The reconstruction of Beipiaosaurus uses the new anterior skeleton and features a silly-looking vaguely stegosaur-like skull with a pointy snout. Contra to Paul who thinks Nothronychus graffami (mistyped grafmani) might be synonymous with N. mckinleyi, I'm doubtful they're even congeneric.
Next up, sauropodomorphs...
A mistake that I find is that it appears less Cryolophosaurus Dilophosaurus size when in fact it could be true. The incomplete femur reaches over 759 mm, well above the higher of the Dilophosaurus that may reach only about 628 mm.ReplyDelete
Speaking of synonymies, which are the rigorous reasons why synomymizied Yangchuanosaurus shangyouensis with Yangchuanosaurus magnus?ReplyDelete
With Yangchuanosaurus, I'm just following convention so far.ReplyDelete
Another fun thing about the Field Guide I noticed yesterday- Paul mistook Sereno et al.'s (1998) illustration of repositioned Baryonyx skull elements attached to Cristatusaurus' jaws as being actual bones known from Cristatusaurus (his Baryonyx tenerensis).
Holtz (1998), Chure (1998), Averianov, Martin & Bakirov (2005), Carrano (2006), Senter (2006), Xu & Clark (2008), Wu et al (2009), Brusatte, Benson & Xu (2010) and Han et al (2011) all considered Y. shangyouensis and Y. magnus to be 2 different species
Please reply, mr Mortimer. I really wanna to knowReplyDelete
Oops, your prior comment fell down the email hole.ReplyDelete
I was thinking of Rauhut (2003) who stated "Although all of the taxa included in the Sinraptoridae have been described as separate species, their morphology seems to be almost identical, as far as can be judged from published accounts (DONG et al. 1983, GAO 1992, CURRIE & ZHAO 1993a). Since both species of Yangchuanosaurus and Sinraptor hepingensis are also from the same formation, it seems likely that all the specimens represent only one species."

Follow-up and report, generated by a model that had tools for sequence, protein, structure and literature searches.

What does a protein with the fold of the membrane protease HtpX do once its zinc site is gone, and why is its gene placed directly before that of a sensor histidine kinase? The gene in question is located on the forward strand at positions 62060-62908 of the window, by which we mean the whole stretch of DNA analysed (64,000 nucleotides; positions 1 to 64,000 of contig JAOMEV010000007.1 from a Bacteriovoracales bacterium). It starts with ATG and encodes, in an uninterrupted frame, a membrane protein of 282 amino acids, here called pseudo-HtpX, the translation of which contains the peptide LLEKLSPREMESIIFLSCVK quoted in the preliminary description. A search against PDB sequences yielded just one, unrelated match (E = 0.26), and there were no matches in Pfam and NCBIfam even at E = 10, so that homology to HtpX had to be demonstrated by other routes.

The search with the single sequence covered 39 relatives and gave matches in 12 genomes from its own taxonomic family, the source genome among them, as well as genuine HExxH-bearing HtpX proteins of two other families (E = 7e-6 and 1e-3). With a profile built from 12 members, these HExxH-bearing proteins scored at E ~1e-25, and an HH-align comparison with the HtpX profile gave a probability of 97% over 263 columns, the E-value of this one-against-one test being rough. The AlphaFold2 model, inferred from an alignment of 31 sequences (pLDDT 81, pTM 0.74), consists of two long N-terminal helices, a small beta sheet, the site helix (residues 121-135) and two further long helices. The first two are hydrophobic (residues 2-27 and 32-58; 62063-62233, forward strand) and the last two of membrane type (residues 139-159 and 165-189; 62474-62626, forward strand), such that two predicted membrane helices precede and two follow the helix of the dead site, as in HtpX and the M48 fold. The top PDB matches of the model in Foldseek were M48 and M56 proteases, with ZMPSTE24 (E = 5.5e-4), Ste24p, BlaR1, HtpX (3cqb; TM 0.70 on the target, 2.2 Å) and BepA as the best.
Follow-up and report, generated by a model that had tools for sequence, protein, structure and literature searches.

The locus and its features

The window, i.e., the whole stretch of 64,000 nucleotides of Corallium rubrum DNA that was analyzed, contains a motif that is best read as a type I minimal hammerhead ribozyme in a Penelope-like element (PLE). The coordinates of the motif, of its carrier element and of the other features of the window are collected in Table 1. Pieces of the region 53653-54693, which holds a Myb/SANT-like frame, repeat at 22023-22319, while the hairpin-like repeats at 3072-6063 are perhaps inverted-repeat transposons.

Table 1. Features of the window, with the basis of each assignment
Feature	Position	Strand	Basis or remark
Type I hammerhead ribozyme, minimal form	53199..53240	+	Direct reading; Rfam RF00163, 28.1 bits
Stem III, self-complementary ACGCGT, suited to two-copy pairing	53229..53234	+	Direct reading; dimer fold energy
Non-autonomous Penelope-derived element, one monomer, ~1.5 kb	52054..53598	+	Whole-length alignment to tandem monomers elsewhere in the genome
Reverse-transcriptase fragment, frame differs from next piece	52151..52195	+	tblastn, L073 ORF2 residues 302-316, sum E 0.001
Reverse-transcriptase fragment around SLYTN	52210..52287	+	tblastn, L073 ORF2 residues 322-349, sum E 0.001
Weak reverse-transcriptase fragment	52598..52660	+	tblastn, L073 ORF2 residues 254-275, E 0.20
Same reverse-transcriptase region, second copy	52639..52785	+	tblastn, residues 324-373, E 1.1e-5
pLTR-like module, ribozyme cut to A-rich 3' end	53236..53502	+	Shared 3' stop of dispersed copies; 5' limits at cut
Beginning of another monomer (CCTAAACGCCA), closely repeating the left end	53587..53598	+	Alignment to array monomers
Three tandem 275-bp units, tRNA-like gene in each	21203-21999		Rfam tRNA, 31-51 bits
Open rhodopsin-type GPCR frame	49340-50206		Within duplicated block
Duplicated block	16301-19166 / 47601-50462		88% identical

Similarly, Holtz et al. (2004) stated "It is not at all apparent that these are simply two different growth stages of the same species, with "Y. magnus" an older individual."
Incidentally, the characters supposedly distinguishing magnus from shangyouensis are (Dong et al., 1983)-
- magnus is larger.
- one of the maxillary fossae of magnus penetrates (Dong et al. don't specify which), but pneumatic variation is well known within and between individuals of the same species.
- magnus lacks a foramen at the base of the posterodorsal dentary process.
- magnus doesn't have shangyouensis' oddly tapered preacetabular process.
Note neither specimen has been reexamined since the 80s, so I don't put much trust in the reality of these differences. Maybe shangyouensis' ilium was damaged, maybe the maxillary fossa would penetrate given further preparation or maybe magnus' was prepared too much. But even if the differences are real, they're comparable to individual variation in other taxa. Archaeopteryx individuals vary in preacetabular expansion, Dromiceiomimus individuals vary in mandibular foramina possession.
So at the moment, I'm happy keeping them synonymous. But maybe restudy will show more differences, or maybe Rauhut's right and at least some Sinraptor species are Y. shangyouensis too. Gao's retained hepingensis in Yangchuanosaurus, regardless of what Currie and Zhao wrote afer all. Just one of the many things someone needs to work on...
Many thanks for your infoReplyDelete